Rural roads boost ethnic minority livelihoods in Vietnam
How UKaid funded road building in Vietnam helps ethnic minority families lift themselves out of poverty
Thich and Som Bui and their 4 children live in the mountainous area of the Bac Son commune, in Vietnam’s Hoa Binh province. They belong to the Muong ethnic minority and farming is their sole livelihood.
A journey to the local market used to take Thich as long as 2 days in bad weather. But, thanks to a road building programme supported by UKaid from the Department for International Development (DFID), Thich’s journey to the local market is now much quicker.
This means that it’s easier for Thich to trade his produce and gradually he and family are lifting themselves out of poverty.
Before the new roads existed, Thich had to walk 25 kilometres in mountainous terrain to get to the local markets. Life was tough and trading produce was a slow process.
“I rarely went anywhere, unless it was necessary,” recalls Thich.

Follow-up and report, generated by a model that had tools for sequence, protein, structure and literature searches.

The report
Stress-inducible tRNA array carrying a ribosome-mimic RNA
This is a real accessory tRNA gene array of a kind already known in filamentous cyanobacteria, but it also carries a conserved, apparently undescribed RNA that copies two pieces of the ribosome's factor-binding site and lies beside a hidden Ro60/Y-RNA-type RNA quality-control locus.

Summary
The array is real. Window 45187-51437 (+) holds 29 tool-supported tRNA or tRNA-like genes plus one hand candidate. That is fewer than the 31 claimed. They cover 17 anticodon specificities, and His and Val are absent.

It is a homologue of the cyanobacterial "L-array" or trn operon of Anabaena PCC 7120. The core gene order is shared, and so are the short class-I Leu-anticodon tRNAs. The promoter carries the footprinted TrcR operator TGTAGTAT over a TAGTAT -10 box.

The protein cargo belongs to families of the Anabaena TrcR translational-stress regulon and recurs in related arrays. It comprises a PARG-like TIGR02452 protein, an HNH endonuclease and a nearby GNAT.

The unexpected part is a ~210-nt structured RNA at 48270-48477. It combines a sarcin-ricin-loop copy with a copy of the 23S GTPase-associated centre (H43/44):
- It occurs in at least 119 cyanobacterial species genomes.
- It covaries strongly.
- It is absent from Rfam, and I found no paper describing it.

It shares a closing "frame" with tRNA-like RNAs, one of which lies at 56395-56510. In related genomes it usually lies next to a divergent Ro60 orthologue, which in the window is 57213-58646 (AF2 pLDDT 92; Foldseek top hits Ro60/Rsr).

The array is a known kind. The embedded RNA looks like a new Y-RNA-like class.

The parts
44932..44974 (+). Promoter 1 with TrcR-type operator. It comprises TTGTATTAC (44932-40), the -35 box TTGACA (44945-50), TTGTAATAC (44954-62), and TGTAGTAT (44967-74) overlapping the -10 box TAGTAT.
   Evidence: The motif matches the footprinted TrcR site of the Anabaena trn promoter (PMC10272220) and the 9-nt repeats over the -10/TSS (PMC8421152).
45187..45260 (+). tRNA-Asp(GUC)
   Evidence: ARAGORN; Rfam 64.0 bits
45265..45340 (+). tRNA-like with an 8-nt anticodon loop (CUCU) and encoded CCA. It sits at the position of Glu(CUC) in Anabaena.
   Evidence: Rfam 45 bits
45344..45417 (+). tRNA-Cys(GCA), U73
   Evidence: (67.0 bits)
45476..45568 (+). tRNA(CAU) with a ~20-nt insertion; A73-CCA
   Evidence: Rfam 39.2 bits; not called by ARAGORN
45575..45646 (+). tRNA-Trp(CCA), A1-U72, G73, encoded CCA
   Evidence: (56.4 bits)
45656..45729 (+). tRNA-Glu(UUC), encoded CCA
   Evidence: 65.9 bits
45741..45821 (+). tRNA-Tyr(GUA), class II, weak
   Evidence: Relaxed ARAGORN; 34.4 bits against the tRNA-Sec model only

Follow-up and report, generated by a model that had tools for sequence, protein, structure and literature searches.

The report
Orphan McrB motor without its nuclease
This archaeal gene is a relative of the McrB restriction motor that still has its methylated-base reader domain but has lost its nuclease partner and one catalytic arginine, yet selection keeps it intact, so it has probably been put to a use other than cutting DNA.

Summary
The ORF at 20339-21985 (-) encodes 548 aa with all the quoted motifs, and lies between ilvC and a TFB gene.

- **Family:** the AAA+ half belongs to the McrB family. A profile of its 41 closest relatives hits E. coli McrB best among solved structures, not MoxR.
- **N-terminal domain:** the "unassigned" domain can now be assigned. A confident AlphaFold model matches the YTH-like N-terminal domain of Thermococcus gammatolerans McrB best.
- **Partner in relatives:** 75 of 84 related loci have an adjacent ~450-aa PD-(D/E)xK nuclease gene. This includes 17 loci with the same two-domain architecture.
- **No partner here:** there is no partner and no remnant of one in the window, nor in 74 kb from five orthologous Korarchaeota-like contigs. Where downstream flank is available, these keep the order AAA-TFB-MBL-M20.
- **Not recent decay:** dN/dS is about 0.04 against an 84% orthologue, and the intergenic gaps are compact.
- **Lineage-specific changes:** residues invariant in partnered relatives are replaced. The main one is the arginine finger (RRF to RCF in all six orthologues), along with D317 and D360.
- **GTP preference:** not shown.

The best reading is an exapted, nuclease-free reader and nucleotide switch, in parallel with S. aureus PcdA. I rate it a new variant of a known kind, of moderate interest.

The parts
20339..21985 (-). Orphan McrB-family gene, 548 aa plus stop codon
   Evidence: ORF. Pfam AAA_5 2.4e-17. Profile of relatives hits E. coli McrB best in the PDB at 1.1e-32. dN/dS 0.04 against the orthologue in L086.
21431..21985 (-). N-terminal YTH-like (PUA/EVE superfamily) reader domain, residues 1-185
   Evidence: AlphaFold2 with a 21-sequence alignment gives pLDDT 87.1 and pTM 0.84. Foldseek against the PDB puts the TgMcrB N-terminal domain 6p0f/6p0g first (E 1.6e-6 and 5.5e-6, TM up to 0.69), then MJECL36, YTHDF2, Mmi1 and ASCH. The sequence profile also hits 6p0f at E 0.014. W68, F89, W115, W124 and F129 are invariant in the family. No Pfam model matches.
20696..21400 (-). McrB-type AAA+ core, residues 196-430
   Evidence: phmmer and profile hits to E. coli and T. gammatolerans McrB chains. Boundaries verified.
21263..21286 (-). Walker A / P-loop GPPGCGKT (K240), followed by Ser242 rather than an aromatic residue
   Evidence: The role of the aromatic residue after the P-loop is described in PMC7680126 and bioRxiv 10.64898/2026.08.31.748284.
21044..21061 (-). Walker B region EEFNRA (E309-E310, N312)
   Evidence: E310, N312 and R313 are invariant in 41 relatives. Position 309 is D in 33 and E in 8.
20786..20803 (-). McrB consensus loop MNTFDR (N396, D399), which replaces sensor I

“Perhaps my only trip in a week was to go to the market to exchange maize and cassava for salt and cooking oil, which is critical for our daily life.”
Connecting to the outside world
As well as opening up the markets, the DFID funded road building programme aims to reduce travel costs for the local communities and improve access to social services like health and education.
Around 400 ethnic minority households in Bac Son are benefiting from the road and 70% of them now own a motorbike.
Thich and Som have noticed a huge difference to their income and way of life since the new road opened.
Now they can get to the markets by bike or motorbike which makes trading produce faster. And the new transport links have also made it easier for dealers to go directly to Thich and Som’s house to buy farming products.
Recently, as passers-by increased, Thich and Som opened a small grocery to improve the family income.
“We now can earn around 1.5 million VND (around £50) a month altogether,” says Som.
“And my kids can go to school by bicycle. It’s made a big difference.”
Facts and stats
The Rural Transportation programme was co-funded by DFID and the World Bank.
DFID supported the programme with £54 million of UKaid.
Phase 2 of the programme, which took place between 2001 and 2006, helped to increase the number of communes with all weather roads by 28%. This helped to lift 210,000 people out of poverty over the project period.
Phase 2 covered 40 provinces. Phase three, which is taking place from 2007 to 2011, will cover 33 provinces.
Phase 3 includes maintenance and builds on proven elements of phase two.